Limitations

The PED is a challenging environment in which to conduct a study among adolescents. Confidentiality issues required a lengthy consent process, and adolescents and young adults are not characterized developmentally by capacity for patience, especially in situations that involve authority figures. Recruitment of a larger sample might have allowed more depth in analysis of subgroups and relatively rate outcomes. We were, however, able to limit the refusal rate to 21% of eligible patients.

We chose to include adolescents who had low levels of drinking to focus on early intervention. When risk is low, however, it is difficult to demonstrate changes in outcomes, not only for alcohol consumption, but especially for rare events such as car crashes or obtaining inpatient alcohol dependence treatment. While universal screening is necessary for identification of alcohol problems among adolescents, this study raises questions about the utility of an ED intervention for adolescents who are identified at low levels of risk.

Follow-up rates were not ideal, despite rigorous application of best practices. However, sensitivity analysis did demonstrate an effect for efforts to change, even in the worst-case situation of equating loss to follow-up with a negative answer for change attempts.

Findings related to certain subgroups are limited by sample size. In the case of the 57 enrollees followed up at 12 months who were 14–17 years of age, for example, future studies should consider oversampling to ensure the absence of a type II beta error.

To the best of our knowledge, this is the first randomized, controlled trial of brief alcohol intervention in an inner-city ED with a sample of underage drinkers from diverse racial and ethnic backgrounds not restricted to injured or intoxicated patients. While such investigations are of great importance, generalizability may be necessarily limited. The model used in this study might have different results in a more advantaged population of youth.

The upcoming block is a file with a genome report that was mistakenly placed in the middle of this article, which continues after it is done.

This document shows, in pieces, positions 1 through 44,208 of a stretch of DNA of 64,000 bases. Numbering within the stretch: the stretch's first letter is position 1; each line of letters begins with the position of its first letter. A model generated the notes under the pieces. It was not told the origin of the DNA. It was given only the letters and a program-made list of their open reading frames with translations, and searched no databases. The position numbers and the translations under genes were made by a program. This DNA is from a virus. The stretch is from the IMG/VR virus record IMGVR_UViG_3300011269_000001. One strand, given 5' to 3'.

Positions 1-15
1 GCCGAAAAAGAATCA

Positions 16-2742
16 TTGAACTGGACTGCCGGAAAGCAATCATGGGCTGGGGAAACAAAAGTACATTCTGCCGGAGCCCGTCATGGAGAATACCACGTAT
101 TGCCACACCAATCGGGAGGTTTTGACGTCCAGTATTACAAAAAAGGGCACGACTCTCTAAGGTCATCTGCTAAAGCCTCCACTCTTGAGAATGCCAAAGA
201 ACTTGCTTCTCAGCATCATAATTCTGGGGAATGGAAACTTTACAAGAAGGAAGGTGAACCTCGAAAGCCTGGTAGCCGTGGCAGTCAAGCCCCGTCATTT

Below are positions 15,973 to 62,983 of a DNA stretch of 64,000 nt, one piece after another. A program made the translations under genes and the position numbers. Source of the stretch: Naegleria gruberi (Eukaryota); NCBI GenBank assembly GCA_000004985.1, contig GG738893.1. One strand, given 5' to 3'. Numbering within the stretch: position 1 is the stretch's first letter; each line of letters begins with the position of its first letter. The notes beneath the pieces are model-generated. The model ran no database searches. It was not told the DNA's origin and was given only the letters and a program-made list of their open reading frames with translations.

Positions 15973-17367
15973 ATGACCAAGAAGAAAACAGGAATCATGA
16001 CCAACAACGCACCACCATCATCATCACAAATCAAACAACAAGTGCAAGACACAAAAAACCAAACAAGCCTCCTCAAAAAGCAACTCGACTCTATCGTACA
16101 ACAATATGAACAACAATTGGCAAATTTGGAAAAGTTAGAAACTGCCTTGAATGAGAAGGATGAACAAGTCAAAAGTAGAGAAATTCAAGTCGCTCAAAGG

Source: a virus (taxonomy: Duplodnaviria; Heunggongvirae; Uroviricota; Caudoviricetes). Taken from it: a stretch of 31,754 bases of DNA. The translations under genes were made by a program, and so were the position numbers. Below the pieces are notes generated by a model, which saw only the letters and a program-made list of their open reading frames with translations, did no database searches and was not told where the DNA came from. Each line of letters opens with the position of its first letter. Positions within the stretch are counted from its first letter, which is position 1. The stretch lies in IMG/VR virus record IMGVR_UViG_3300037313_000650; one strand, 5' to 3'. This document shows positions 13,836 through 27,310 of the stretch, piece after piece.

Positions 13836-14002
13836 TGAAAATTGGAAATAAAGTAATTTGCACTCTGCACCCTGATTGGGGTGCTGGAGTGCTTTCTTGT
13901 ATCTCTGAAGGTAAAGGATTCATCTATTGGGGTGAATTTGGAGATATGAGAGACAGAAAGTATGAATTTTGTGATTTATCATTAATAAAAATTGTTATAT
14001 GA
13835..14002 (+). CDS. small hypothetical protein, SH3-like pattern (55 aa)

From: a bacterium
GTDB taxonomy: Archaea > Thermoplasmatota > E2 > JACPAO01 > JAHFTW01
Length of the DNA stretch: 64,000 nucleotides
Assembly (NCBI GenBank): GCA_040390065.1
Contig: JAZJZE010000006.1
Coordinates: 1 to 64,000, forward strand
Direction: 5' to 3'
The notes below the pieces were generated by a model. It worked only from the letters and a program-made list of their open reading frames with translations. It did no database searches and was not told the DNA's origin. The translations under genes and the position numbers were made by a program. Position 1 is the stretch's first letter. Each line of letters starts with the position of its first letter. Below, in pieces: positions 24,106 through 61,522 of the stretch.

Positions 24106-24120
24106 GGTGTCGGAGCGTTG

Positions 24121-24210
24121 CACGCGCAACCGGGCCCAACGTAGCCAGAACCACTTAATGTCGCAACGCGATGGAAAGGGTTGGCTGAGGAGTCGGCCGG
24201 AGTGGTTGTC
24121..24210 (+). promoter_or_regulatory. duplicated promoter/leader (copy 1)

Finally, we were limited in intervention design by both participant variables and PED logistics. The intervention had to be deliverable in a brief time and allow for numerous interruptions for clinical care. Another potential limitation is the time of day, as patients were not enrolled during the night shift, and it is certainly plausible that a disproportionate number of alcohol-related teachable moments occur during the night shift.

We were unable to introduce a family component, because the population that uses this PED, even among the 14- to 17-year-olds, generally presents for medical care unaccompanied by family; they are alone or with friends. We did demonstrate changes in self-reported quit attempts related to the intervention, but those changes did not produce a sustained effect on the clinically relevant outcomes of consumption and health consequences.

Conclusions

A controlled trial of an intervention to reduce adolescent alcohol consumption and associated consequences was conducted in an inner-city pediatric ED with careful attention to protocol adherence. Brief motivational intervention resulted in significant efforts to change behavior (quit drinking and be careful about situations while drinking), but did not alter between-groups consumption or high-risk behaviors. Future studies should focus on modalities to strengthen the intervention to address this gap between intent and outcomes.

Ancillary